Identifying and solving key aspects of global payments friction via the 2022 Global Payment Survey
A Developer’s Perspective on XTRM Payments
A developer’s perspective on the essential elements of XTRM global payments platform, enabling payments to anyone, anywhere and focusing on B2B use cases.
Today, our post comes from our API Technical Consultant, Nathan Verrilli, for his perspective on what makes XTRM payments different, if not unique, when it comes to, as Nathan says, “enabling companies to make payments to anyone, worldwide.” From the desktop of Nathan Verrilli:
XTRM Payments for B2B and B2C Use Cases
Where other payment platforms may focus on consumer payments, XTRM is focused on business payment use cases: business-to-customer (B2C) and business-to-business (B2B) money movement.
Consumers rarely need to concern themselves with anti-money-laundering (AML), with know-your-customer (KYC), regulatory tax compliance around the world, or even currency exchange on a day-to-day basis. Businesses do. The primary onus of compliance falls on business, not the consumer. Thus, B2C & B2B payments are different.
Compounding the complexity for certain B2B and B2C use cases are third-party payments: companies that manage B2C & B2B payments on behalf of their customers or partners such as payments for rewards, incentives, spiffs, co-marketing, and other accounts-payable transactions.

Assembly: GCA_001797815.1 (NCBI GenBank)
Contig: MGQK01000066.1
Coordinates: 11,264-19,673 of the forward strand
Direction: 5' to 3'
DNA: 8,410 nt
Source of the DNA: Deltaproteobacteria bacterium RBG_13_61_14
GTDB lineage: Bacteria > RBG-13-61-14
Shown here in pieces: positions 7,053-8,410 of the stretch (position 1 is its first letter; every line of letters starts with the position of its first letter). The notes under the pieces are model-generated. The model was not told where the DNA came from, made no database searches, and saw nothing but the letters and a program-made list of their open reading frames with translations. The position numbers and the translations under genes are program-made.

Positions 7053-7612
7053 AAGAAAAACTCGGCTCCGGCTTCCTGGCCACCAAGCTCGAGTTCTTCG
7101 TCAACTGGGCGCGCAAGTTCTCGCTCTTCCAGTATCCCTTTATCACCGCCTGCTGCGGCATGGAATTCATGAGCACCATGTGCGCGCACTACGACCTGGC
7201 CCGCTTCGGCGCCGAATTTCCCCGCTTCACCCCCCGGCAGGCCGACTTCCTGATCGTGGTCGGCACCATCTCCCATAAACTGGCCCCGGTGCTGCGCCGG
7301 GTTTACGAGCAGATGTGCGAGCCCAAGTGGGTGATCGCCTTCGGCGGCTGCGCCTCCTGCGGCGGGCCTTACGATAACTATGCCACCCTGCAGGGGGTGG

Handling Other People’s Money
Holding money for other entities is closely regulated, and requires permits, permissions, and regulatory compliance. XTRM takes on the regulatory burden of being a third-party payment settlement organization — so our customers don’t need to!
XTRM allows our users to manage payment programs for their customers without taking on that administrative burden. XTRM’s customers do not hold monies for their customers — XTRM holds the funds. XTRM’s unique connected architecture allows XTRM to manage due diligence and global compliance as the third-party settlement organization while still allowing managing companies full control over making payments.
Funds are handled only by the end-customer and XTRM.
Once a managed company is onboarded, the managed company sends funds (by wire, by ACH, or check) to XTRM, and it goes into the managed company’s account. The managing company never touches those funds directly.
Paying from a Digital Wallet
You can only make payments from a funded digital wallet. If you are managing spiffs or rebates or payments on behalf of your own company, this is attractive!
How does that magic work?
It’s not magic; it’s design. When one of XTRM’s customers brings a customer onboard, one of the first steps is for XTRM to onboard that entity as a remitter. Our customer (or the entity in question) answers a few questions, supplies a few documents attesting to their identity, and usually within a business day, that company is set up in our system.